We Make Zines

a place for zinesters - writers and readers

A few new ones up...
Loose Lips Sink Ships (Zine) ($2)- In Loose Lips, Ms May delves into the dangerous territory of the make-out zine; a genre that gets a lot of flack, yes, (and usually rightfully so), but this, like all her zines, is done really well and focused in a way that changes it into something else entirely. A short description for each of the sixty-nine different people she has kissed- in part as an exercise in remembrance, in part an escape from residual Christian guilt, and a memoir of dealing with body image/self image. It's also occasionally kinda hot.
Nadar (Zine) ($1)- This beautifully-made, short zine from Sarah May (These Here Are Crazy Times) is about being a swimming coach. Over-involved parents who flip, ruminations on jobs, boundaries, swim meets.
Shortandqueer #8 (Zine) ($2)- This issue starts about comfronting pronoun mistakes within the trans community and gives a great defense for why gender fluidity should exist, but pronoun preferences should always be respected. The rest unfolds in journal entries and letters and is the story of figuring out gender presentation in adulthood. For me, this read like a suspense novel- I wanted to know what would happen next, how would he deal with a world that's uncomfortable with gender changes, how will his family react? I think this serves as a pretty important story, as, in a certain way, I think it can speak to people at all levels of understanding/dealing/allying with trans issues.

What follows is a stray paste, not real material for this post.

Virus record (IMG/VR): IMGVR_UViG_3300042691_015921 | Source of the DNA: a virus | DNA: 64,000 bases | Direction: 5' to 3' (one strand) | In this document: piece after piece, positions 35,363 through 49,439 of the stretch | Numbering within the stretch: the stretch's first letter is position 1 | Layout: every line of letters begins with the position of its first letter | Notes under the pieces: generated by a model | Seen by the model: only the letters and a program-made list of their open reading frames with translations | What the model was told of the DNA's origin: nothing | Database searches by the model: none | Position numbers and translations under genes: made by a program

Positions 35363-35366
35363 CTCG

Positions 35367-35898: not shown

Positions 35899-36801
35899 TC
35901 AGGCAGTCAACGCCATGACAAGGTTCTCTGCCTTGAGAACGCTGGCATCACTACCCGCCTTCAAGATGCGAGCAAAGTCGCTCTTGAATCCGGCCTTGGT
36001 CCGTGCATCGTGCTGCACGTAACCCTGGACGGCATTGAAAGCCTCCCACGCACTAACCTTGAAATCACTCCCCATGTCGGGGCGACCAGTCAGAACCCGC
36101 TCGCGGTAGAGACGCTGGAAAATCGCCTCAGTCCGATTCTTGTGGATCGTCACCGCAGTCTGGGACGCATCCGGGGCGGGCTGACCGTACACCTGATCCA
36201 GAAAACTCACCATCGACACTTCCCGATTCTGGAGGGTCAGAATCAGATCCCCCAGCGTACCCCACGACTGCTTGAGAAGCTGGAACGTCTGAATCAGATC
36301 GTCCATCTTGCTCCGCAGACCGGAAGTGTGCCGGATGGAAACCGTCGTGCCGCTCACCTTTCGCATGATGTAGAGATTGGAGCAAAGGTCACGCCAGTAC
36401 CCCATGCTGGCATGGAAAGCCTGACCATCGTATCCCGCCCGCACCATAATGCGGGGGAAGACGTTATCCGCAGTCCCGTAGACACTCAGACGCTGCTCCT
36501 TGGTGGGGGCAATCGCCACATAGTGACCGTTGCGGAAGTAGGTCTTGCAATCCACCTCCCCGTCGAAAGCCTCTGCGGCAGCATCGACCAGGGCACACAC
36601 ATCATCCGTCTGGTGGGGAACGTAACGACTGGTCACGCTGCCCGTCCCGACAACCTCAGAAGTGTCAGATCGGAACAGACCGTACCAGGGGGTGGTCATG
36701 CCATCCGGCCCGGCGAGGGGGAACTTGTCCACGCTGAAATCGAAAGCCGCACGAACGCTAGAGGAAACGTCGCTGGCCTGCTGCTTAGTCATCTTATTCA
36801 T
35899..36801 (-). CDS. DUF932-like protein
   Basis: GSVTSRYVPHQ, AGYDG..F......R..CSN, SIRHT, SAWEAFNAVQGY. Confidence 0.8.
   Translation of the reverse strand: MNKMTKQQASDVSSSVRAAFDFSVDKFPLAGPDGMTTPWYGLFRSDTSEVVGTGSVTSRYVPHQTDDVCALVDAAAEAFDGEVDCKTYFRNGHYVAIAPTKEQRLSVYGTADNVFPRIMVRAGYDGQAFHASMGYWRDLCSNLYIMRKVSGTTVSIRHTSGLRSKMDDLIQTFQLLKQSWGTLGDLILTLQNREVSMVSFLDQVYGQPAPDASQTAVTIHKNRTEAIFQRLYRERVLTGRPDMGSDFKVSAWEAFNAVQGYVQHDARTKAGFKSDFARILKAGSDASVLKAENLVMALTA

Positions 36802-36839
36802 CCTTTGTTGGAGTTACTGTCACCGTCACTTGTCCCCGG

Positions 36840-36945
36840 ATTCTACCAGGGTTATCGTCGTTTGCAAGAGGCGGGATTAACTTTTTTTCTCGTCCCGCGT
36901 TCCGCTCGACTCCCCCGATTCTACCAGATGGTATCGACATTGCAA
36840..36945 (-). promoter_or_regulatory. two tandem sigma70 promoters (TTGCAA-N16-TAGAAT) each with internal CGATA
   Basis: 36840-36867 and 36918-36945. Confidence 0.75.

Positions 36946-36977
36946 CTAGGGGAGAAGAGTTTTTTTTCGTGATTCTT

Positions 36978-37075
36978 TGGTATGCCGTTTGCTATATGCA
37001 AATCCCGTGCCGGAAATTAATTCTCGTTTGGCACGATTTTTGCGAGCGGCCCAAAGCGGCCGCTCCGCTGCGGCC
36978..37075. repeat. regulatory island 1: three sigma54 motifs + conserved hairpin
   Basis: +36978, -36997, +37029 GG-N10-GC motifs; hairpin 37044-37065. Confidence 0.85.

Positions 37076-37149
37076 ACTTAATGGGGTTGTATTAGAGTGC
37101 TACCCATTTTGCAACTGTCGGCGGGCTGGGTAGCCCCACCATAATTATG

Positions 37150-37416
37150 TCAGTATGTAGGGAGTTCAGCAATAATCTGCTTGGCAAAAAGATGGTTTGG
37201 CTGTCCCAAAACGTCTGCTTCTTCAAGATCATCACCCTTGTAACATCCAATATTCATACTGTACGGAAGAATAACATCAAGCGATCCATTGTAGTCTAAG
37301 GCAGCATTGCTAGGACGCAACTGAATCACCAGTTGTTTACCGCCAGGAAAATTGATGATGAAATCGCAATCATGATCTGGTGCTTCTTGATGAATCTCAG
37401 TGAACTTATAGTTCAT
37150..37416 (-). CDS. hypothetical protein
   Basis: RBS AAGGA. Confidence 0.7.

Shortandqueer #10 (Zine) ($2)- Subtitled "The Reawakening of My Baseball Fandom," this issue hooked me. A zine about baseball?!? I'd never seen such a thing. Little known fact: baseball was my life for the majority of my pre-teen years. While reading this, my long-dead baseball fandom was also reawakened; it was great. But this zine is also about more than just baseball. It's about growing up not doing what is expected of your assigned gender. It's about rediscovering a relationship with his dad through sports. It's about having access to "dude centered spaces" through baseball fandom and the mixed feelings that brings up. It's also got an insert called "Prejudice in Baseball," which is a paper he wrote in 8th grade about the Negro Leagues, which has quotes from former Negro League players he'd made friends with as a kid. Highly recommended.
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Ms Valerie Park Distro
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